Brooks Koepka defends U.S. Open title in way champions are made

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On Sunday in New York state, Brooks Koepka showed the perseverance, confidence and strong mental game every US Open champion needs. Same verse, different course from last year.

Overcoming a drop to 7-over par at one point in the first round at the difficult Shinnecock Hills Golf Club in Southampton, Koepka defended his U.S. Open title to cap a rocky year to date on tour. He had been sidelined for four months with a dislocated wrist.

Koepka is the first golfer since Curtis Strange (1988 and ’89) to win consecutive US Open crowns. Ben Hogan (1950 and 51) is the only other player since World War ll to accomplish the impressive feat.

Koepka, who posted a 7-under 63 in the second round to battle back into the hunt, began the final round in a four-way tie for the lead at 3-over par with Dustin Johnson, Tony Finau and Daniel Berger. A final round two-under par 68 to finish at one over par with rounds of 75-66-72-68 bettered Tommy Fleetwood by one stroke.

Fleetwood in his final round tied the U.S. Open record with a 63, missing an eight-foot birdie putt on the 72nd hole. When asked about his final putt, the Englishman responded, “I wanted 62.”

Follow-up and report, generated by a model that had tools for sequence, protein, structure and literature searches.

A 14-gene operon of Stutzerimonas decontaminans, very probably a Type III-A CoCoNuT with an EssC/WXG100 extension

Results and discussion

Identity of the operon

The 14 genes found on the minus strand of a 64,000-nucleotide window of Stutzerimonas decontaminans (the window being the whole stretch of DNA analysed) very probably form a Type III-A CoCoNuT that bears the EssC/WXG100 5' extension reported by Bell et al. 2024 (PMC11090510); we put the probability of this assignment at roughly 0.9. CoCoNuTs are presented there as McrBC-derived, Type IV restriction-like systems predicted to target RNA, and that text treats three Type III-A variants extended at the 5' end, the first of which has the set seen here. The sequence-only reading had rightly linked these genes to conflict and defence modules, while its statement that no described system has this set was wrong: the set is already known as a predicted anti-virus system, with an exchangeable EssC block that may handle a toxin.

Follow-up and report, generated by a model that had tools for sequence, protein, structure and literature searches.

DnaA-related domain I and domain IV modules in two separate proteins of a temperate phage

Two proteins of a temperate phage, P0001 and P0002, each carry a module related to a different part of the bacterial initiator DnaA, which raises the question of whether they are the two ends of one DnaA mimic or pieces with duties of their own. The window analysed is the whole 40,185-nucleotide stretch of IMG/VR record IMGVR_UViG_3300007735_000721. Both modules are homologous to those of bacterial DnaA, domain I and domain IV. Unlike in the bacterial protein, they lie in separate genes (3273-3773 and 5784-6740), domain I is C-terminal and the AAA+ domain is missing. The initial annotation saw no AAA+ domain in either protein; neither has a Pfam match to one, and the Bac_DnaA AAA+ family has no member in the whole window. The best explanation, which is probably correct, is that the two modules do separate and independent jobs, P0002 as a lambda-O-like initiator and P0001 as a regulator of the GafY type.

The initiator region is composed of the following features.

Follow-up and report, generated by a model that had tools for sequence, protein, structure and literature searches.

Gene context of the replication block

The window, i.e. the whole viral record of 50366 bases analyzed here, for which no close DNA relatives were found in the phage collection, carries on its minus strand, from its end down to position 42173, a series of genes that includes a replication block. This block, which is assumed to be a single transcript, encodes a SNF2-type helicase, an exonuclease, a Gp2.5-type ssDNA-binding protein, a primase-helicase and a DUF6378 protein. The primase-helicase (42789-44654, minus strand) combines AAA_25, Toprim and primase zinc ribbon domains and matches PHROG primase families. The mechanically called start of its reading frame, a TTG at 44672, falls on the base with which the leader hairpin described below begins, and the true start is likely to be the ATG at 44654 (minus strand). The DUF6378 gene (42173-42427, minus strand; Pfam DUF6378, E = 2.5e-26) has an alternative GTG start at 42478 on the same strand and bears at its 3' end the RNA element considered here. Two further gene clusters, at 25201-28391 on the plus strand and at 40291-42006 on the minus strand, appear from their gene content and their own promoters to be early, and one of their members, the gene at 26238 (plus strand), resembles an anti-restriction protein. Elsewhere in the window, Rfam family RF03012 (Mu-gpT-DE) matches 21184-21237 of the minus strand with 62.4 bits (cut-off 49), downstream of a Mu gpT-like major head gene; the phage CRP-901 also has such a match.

The 28-year old Koepka’s journey to the PGA Tour was luanched in part by an All-American career at Florida State. He also came through the learning experience of playing the European Developmental Tour and the European Tour while travelling the world. With 10 worldwide victories and three on the PGA Tour, the relative unknown in America just several years ago now has risen to nith in the World Rankings.

Patrick Reed tried valiantly to follow up this year’s Master win with a second straight major. After a hot start on the early holes Sunday, he missed other opportunities to improve on what was a solid 68, good enough for a fourth-place finish three shots behind the winner.

World No. 1 Dustin Johnson, 2016 U.S. Open Champion, entered the last two days with a four-stroke lead and in control of his game. Over the weekend, his putter went cold. After a miserable third round on a course Saturday that many golfers complained was not fair to the field, Johnson came back to the pack. His 72 putts the last two rounds included six three-putts. Despite all of that, the immense talent still finished third and just two strokes back.

“Just wasn’t my day, but ended on a high note. Congrats to Brooks Koepka on a well-deserved win,” Johnson said.

Now an expert on the subject, Koepka summed it up on what it takes to win a U.S. Open.

“The U.S. Open just takes so much discipline. You have to be a great putter and just kind of let things roll off your back. I enjoy the test. I enjoy being pushed to the limit. Sometimes you feel you are about to break mentally, but that’s what I enjoy. I enjoy hard courses,” Koepka explained.

The USGA tries to make the toughest courses for those who qualify to compete for the national championship. Koepka is clearly a tough and worthy champions, times two.

2018 US OPEN – Top 5 Finishers

Brooks Koepka – 75-66-72-68 – 281
Tommy Fleetwood – 75-66-78-63 – 282
Dustin Johnson – 69-67-77-70 – 283
Patrick Reed – 73-72-71-68 – 284
Tony Finau – 75-72-66-72 – 285Brooks Koepka

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